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What Constitutes a Catastrophic Injury?

In the United States, nearly 3 million people are hospitalized due to injuries every year. But even among injuries that result in hospitalization, they can vary dramatically in terms of severity. Some people can return to life as normal after being discharged. For others, life will never be the same. Today, we will explain what constitutes a catastrophic injury.

What Constitutes a Catastrophic Injury?

When is an injury considered catastrophic? Here’s what you need to know.

Long-Term Consequences

The key thing you should remember about what constitutes a catastrophic injury is that they have long-term—or even permanent—consequences.

Let’s use the example of slip and fall accidents. A majority of people who slip and fall can make a complete recovery. But this sort of accident is also the leading cause of traumatic brain injuries in the United States, which permanently alter the life of the victim. In the latter case, a slip and fall accident constitutes a catastrophic injury.

Victims of this sort of injury will never return to life as it was before the accident. It can drastically alter their professional life, personal life, or both.

Common Causes

The causes of catastrophic injuries are as diverse as you can imagine. Still, there are a few kinds of accidents that have a special tendency to have catastrophic consequences:

  • Truck and motorcycle accidents
  • Medical malpractice
  • Defective products
  • Workplace accidents
  • Injuries from sports
  • Severe burns

But the causes of catastrophic accidents are not as significant as their consequences.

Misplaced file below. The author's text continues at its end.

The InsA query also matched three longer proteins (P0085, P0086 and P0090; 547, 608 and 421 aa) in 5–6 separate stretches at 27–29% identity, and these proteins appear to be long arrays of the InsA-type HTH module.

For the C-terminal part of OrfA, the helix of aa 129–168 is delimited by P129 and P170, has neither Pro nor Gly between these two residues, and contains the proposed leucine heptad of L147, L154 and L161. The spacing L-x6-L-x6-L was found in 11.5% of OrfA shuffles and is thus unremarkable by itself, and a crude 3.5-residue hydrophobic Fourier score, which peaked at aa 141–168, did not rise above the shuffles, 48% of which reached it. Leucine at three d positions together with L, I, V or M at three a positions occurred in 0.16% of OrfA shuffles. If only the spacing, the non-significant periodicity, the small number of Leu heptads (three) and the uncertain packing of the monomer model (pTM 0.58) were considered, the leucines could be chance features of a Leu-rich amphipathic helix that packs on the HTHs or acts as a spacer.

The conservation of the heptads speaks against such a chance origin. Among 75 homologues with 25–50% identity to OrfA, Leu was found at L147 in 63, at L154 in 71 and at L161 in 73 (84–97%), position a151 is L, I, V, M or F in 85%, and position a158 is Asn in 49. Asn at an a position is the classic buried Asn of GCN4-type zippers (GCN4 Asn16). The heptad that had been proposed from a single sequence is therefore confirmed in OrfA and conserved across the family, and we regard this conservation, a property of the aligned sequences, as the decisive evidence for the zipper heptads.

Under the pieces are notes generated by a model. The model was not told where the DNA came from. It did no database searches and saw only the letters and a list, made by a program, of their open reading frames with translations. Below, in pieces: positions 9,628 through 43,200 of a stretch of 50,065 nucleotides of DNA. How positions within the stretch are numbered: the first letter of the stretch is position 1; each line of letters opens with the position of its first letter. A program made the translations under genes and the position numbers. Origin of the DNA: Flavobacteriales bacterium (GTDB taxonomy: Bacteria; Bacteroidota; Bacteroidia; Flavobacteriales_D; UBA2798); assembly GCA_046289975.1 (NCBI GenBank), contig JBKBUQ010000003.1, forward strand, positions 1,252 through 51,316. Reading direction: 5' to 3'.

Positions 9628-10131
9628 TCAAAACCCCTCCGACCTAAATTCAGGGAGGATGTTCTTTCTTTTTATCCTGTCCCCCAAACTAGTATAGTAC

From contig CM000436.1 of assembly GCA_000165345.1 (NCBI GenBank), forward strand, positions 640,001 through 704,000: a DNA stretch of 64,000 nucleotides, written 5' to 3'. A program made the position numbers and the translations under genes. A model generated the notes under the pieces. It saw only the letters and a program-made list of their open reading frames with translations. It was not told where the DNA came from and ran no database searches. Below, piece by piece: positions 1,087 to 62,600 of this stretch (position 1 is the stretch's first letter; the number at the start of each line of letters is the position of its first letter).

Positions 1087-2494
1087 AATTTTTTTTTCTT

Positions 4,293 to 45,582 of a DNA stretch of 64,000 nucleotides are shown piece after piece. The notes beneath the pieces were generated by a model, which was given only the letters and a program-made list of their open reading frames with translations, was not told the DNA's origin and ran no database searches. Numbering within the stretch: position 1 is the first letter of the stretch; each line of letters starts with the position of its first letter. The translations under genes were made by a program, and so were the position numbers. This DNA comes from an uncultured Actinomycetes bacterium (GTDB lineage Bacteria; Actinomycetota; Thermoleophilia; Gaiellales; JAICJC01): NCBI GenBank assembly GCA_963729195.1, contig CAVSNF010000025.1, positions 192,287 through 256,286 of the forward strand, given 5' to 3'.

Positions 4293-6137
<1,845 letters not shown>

Calculating the Cost

If your catastrophic injury or that of a loved one was caused by someone else’s negligence, you should consider a lawsuit. Entrusting your case to experienced legal experts could ease the financial burden you face as a result of the accident. But how can we calculate the cost of a catastrophic injury?

We can divide the cost of catastrophic injuries into two different categories: economic and non-economic. Let’s start with the former. The economic cost of an injury is typically easier to quantify. It includes everything from medical bills, to the cost of long-term therapy. Then there is the cost of lost wages, both from time spent in the hospital to reduced capacity for income in the future.

The non-economic costs of a catastrophic injury can be just as severe, but are harder to quantify. Most commonly, they take the form of psychological pain and suffering. It goes without saying that severe accidents can take a serious toll on the emotional wellbeing of the victim.

Here at the Snyder Law Group, we understand the pain that you feel—both physical and emotional. We do not believe that anyone should have to suffer so severely for the negligence of another. We will fight to make sure that the party at fault pays the price.

Contact The Snyder Law Group Today

The Snyder Law Group, LLC, proudly represents clients throughout Maryland and Washington, D.C. Our experienced Baltimore attorneys understand the frustration that comes with an insurance company, medical professional, or other party that refuses to accept liability for negligent or reckless behavior. You can take heart in knowing there are talented and experienced lawyers ready to work for you. We are experienced in handling personal injury claims of medical malpractice or injury resulting from serious car and truck accidents, and have secured hundreds of millions in verdicts and settlements. Please visit our website, www.410thefirm.com, for more information and follow us on FacebookTwitter, and LinkedIn.

Call 410-THE-FIRM. Don’t just sue them. SNYDER THEM.

 

Call 410-THE-FIRM. Don't just sue them. SNYDER THEM

This entry was posted on Friday, January 29th, 2021 at 2:41 pm. Both comments and pings are currently closed.

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